"The Church, surrounded by divine light, spreads her rays over the entire earth. This light, however, is one and unique and shines everywhere without causing any separation in the unity of the body. She extends her branches over the whole world. By her fruitfulness she sends ever farther afield he rivulets. Nevertheless, the head is always one, the origin one for she is the one mother, abundantly fruitful. We are born of her, are nourished by her milk, we live of her spirit' (De Catholicae Eccles. Unitate, 5).
Venerable brothers, such is the aim of the Second Vatican Ecumenical Council, which, while bringing together the Church's best energies and striving to have men welcome more favourably the good tidings of salvation, prepares, as it were and consolidates the path toward that unity of mankind which is required as a necessary foundation, in order that the earthly city may be brought to the resemblance of that heavenly city where truth reigns, charity is the law, and whose extent is eternity (Cf. St. Augustine, Epistle 138, 3).
Now, "our voice is directed to you" (2 Cor. 6:11) venerable brothers in the episcopate. Behold, we are gathered together in this Vatican Basilica, upon which hinges the history of the Church where heaven and earth are closely joined, here near the tomb of Peter and near so many of the tombs of our holy predecessors, whose ashes in this solemn hour seem to thrill in mystic exultation.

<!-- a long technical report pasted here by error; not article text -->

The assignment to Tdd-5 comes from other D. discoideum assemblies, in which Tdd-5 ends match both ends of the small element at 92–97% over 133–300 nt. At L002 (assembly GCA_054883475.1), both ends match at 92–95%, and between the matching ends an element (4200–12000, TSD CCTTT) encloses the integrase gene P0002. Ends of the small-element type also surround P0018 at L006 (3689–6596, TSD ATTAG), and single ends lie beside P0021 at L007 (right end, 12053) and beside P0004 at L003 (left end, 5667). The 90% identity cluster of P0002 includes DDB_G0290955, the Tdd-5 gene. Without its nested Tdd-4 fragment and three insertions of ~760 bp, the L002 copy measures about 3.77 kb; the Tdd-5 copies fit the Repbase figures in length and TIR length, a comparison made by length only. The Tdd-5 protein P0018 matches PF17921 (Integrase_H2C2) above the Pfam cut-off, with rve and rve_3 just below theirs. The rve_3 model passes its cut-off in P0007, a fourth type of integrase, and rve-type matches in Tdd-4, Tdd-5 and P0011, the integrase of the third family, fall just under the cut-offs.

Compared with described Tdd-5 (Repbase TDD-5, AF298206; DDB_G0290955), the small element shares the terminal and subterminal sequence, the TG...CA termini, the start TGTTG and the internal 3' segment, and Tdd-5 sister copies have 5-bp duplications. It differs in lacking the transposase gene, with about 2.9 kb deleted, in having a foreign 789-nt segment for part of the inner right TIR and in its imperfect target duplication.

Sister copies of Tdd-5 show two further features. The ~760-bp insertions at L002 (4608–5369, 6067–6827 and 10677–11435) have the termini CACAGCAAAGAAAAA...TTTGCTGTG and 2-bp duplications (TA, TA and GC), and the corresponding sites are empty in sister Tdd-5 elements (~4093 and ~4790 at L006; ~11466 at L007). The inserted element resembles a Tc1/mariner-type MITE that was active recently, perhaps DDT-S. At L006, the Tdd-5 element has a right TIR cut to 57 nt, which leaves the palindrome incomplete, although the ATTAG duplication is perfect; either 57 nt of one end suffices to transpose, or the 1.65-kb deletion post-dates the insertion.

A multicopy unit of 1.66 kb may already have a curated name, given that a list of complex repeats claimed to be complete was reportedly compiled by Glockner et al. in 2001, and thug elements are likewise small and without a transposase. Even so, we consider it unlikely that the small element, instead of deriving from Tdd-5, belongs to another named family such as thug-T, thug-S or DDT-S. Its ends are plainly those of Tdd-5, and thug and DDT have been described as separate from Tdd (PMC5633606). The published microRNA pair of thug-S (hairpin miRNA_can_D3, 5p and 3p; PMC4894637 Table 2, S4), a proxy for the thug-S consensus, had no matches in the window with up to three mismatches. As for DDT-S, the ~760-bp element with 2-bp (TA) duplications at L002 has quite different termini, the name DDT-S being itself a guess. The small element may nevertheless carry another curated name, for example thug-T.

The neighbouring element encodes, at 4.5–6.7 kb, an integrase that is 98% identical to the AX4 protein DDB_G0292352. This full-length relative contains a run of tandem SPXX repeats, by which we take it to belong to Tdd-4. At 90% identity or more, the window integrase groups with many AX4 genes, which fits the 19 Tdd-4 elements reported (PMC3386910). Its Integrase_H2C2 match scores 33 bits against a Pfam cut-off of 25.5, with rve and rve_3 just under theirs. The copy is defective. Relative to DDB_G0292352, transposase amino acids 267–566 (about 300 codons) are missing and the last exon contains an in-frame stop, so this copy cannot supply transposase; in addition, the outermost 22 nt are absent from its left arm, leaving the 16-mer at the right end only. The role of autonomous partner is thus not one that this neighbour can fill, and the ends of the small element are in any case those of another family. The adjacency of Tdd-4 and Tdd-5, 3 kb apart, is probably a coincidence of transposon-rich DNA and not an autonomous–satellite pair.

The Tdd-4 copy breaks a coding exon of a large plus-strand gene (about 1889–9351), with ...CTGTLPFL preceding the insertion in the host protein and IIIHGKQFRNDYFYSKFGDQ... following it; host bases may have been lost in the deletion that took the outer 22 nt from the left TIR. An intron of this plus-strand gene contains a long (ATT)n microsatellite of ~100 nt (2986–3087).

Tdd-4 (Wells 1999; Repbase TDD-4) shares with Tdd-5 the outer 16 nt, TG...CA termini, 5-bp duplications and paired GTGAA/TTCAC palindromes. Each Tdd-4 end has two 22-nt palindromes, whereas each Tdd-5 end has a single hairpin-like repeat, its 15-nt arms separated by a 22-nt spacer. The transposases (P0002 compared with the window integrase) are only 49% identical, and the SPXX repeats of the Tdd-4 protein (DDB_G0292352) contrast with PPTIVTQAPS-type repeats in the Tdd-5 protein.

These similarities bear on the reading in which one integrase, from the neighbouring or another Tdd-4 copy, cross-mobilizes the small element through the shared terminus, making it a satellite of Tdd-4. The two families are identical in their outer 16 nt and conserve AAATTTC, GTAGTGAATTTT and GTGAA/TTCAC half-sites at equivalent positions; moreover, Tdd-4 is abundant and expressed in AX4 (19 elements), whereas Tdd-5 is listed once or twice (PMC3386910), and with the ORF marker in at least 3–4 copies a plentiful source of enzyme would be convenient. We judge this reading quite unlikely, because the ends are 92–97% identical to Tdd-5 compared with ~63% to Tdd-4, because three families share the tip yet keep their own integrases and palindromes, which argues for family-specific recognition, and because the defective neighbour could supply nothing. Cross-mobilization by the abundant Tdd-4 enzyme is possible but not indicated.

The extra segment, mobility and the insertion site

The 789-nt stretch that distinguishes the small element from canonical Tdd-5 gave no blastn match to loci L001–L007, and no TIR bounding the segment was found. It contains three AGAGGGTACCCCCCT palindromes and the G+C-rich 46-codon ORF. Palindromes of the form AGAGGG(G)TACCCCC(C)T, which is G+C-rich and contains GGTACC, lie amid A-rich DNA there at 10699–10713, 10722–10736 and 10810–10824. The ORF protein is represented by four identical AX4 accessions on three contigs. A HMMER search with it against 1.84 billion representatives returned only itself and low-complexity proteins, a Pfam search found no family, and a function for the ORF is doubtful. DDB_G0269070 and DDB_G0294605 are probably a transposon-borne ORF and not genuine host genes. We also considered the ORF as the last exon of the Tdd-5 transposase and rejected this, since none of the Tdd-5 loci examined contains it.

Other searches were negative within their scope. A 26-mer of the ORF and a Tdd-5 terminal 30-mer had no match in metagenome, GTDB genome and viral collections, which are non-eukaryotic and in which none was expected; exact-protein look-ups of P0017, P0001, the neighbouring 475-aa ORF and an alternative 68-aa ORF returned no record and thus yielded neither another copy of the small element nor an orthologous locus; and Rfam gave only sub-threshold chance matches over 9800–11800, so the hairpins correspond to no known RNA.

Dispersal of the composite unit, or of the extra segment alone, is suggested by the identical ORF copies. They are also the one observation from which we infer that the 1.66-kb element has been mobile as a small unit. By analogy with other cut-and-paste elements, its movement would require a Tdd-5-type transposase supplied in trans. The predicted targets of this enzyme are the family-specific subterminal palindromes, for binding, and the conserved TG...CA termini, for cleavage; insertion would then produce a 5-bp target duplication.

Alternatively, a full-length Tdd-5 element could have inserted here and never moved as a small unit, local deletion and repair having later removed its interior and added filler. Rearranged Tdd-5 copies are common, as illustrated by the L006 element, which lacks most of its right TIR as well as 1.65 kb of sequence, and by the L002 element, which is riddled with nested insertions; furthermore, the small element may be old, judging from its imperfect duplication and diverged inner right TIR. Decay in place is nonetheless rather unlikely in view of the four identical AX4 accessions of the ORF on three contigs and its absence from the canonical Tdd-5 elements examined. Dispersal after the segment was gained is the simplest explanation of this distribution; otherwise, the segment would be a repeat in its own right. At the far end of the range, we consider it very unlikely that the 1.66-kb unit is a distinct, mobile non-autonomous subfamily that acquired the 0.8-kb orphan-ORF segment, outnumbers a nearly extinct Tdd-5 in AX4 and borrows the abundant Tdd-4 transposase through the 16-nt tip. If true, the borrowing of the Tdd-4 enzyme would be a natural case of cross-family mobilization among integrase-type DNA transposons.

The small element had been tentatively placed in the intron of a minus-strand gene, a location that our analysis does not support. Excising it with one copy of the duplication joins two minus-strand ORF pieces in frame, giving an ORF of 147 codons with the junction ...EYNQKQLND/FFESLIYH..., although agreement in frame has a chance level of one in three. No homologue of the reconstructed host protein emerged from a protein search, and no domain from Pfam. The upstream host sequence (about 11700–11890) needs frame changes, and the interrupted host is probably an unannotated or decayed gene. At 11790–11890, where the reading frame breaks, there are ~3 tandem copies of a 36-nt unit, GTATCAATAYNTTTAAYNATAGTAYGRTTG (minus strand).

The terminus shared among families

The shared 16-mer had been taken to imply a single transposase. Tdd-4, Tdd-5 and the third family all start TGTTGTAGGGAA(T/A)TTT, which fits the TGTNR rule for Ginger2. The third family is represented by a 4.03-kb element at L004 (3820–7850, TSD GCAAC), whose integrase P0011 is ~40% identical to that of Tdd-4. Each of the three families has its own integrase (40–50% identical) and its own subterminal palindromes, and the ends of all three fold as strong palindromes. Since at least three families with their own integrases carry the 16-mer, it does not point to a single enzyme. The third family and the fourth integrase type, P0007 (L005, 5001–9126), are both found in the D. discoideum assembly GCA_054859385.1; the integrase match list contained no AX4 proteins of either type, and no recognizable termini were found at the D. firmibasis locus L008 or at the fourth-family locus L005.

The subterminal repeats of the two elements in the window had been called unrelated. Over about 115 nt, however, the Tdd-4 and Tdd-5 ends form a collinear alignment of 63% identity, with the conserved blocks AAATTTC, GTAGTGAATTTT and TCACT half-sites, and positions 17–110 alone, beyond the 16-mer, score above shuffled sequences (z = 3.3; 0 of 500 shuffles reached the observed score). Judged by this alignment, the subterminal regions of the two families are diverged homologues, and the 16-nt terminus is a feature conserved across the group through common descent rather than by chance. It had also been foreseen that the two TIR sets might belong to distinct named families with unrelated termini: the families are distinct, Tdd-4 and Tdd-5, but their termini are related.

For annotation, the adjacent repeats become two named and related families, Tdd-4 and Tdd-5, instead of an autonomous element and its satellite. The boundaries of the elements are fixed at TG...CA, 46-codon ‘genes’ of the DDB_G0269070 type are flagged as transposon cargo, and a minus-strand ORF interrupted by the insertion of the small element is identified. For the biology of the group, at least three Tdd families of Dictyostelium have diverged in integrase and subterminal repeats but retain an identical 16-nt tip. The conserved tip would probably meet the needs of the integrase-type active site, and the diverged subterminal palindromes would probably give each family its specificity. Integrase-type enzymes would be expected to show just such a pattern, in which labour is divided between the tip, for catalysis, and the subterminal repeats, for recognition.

The Council now beginning rises in the Church like daybreak, a forerunner of most splendid light. It is now only dawn [twilight indeed, but alas! It is dusk, rather than dawn. The sun is not rising, it is setting!]. And already at this first announcement of the rising day, how much sweetness fills our heart. Everything here breathes sanctity and arouses great joy. Let us contemplate the stars, which with their brightness augment the majesty of this temple. These stars, according to the testimony of the Apostle John (Apoc. 1:20), are you, and with you we see shining around the tomb of the Prince of the Apostles, the golden candelabra. That is, the Church is confided to you (Ibid.).
We see here with you important personalities, present in an attitude of great respect and cordial expectation, having come together in Rome from the five continents to represent the nations of the world.